As long as wholesalers simply sell the equitable right to a purchase agreement, rather than the property itself, they won’t need to worry about breaking licensing regulations. The purchase agreement is typically known in legal terms as a bilateral contract – with both parties to the contract required to execute the contract’s terms fully. Unless the contract states explicitly otherwise within the contract’s language or provisions, most contracts by default are assignable.
Be sure to review the purchase agreement before assigning it over to a third party for a fee. Here is a sample Kansas real estate contract. It might be worth your while to spend a few hours going over your rights and liabilities stated within this contract. The last thing you want is to mistakenly violate a certain clause and somehow lose your deal or violate the law in some capacity.
Download Free Wholesale Real Estate Contracts Here (PDF)
Next, after reviewing the Kansas wholesaling laws and purchase contracts, it’s time to understand the market and the industry lingo. A great place to start your search is glossing through the city-specific association of realtor websites.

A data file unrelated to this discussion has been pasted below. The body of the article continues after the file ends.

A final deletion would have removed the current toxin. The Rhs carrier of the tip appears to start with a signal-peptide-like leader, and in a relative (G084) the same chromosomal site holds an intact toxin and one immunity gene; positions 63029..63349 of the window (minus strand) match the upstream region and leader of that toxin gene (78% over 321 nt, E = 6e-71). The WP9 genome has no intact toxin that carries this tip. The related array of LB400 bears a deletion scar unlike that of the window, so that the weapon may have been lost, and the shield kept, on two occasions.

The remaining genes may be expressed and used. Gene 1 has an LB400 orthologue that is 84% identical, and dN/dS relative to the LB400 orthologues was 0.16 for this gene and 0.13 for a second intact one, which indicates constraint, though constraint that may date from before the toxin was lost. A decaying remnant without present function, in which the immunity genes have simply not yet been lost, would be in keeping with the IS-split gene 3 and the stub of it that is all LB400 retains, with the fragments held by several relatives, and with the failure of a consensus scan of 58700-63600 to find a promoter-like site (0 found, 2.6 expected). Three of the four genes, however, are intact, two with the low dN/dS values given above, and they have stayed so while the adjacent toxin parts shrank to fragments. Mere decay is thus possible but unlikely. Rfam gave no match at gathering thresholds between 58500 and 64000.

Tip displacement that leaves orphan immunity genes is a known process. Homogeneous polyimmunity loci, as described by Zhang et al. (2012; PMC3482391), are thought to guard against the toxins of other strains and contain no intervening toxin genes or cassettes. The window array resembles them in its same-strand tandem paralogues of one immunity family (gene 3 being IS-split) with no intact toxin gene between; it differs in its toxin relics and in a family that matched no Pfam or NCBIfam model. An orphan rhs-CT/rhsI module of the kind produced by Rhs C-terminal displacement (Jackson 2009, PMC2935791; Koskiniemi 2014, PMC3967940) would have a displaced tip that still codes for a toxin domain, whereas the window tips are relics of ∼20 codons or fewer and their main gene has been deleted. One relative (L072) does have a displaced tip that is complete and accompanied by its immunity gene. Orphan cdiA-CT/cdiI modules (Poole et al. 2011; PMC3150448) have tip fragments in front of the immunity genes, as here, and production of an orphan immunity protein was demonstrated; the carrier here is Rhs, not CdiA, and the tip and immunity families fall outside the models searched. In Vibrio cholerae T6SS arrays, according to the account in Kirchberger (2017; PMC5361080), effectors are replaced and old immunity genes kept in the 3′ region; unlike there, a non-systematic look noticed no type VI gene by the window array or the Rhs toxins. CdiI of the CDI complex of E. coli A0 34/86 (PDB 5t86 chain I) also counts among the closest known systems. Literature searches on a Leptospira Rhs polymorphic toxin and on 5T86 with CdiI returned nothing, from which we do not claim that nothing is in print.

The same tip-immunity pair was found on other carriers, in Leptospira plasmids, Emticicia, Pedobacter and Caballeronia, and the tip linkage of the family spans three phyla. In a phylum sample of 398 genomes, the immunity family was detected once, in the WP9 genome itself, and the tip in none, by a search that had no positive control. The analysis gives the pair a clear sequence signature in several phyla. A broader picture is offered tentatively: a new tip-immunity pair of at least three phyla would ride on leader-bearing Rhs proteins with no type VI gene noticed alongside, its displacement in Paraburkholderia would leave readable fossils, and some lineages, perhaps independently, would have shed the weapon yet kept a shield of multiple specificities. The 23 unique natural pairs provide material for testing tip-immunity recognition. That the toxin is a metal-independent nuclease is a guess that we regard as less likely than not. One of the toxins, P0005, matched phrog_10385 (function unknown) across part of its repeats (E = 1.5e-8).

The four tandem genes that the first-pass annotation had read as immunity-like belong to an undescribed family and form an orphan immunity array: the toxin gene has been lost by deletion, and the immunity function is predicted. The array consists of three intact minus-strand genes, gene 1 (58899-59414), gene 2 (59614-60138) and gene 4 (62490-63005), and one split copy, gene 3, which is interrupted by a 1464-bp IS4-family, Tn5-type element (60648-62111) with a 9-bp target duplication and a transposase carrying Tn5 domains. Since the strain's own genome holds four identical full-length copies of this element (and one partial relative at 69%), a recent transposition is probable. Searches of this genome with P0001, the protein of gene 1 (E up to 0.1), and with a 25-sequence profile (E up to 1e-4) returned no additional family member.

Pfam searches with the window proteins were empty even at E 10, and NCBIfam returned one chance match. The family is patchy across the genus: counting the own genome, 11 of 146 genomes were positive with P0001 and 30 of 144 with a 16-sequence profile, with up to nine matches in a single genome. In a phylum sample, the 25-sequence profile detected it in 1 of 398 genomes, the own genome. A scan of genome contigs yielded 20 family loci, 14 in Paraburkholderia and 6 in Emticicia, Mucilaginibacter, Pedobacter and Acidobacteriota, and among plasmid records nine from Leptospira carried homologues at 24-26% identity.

These communities are a great source of educational resources, classes, coursework, networking events, referrals, and legal requirements you’ll want to know. Here is a list of some of the biggest realtor communities you should consider throughout the state:
After reviewing the above websites, consider walking the streets of Kansas and striking up conversations with local residents and professionals. Local attorneys, real estate agents, appraisers, and general contractors can all be tremendous assets for you. They’ll help you get a strong footing in the community and give you the proper tips and resources you’ll need to get a leg up against your competition.
Read Also: How To Wholesale With A Realtor: The (ULTIMATE) Guide
Building a cash buyer list is one of the most important aspects of the wholesaling process. When you find an attractively priced house and go under contract with its seller, you are going to want to offload that contract to a predetermined, pre-vetted cash buyer very quickly.
These cash buyers are very cash-rich and are hungry for deals in the state of Kansas. They know the area well and are willing to purchase agreements from wholesalers with only a few days' notice. Generally, these investors are fix-and-flip or rental property investors that know the market exceptionally well. Compiling this list ahead of time will help your closing process go smoothly and without any delay.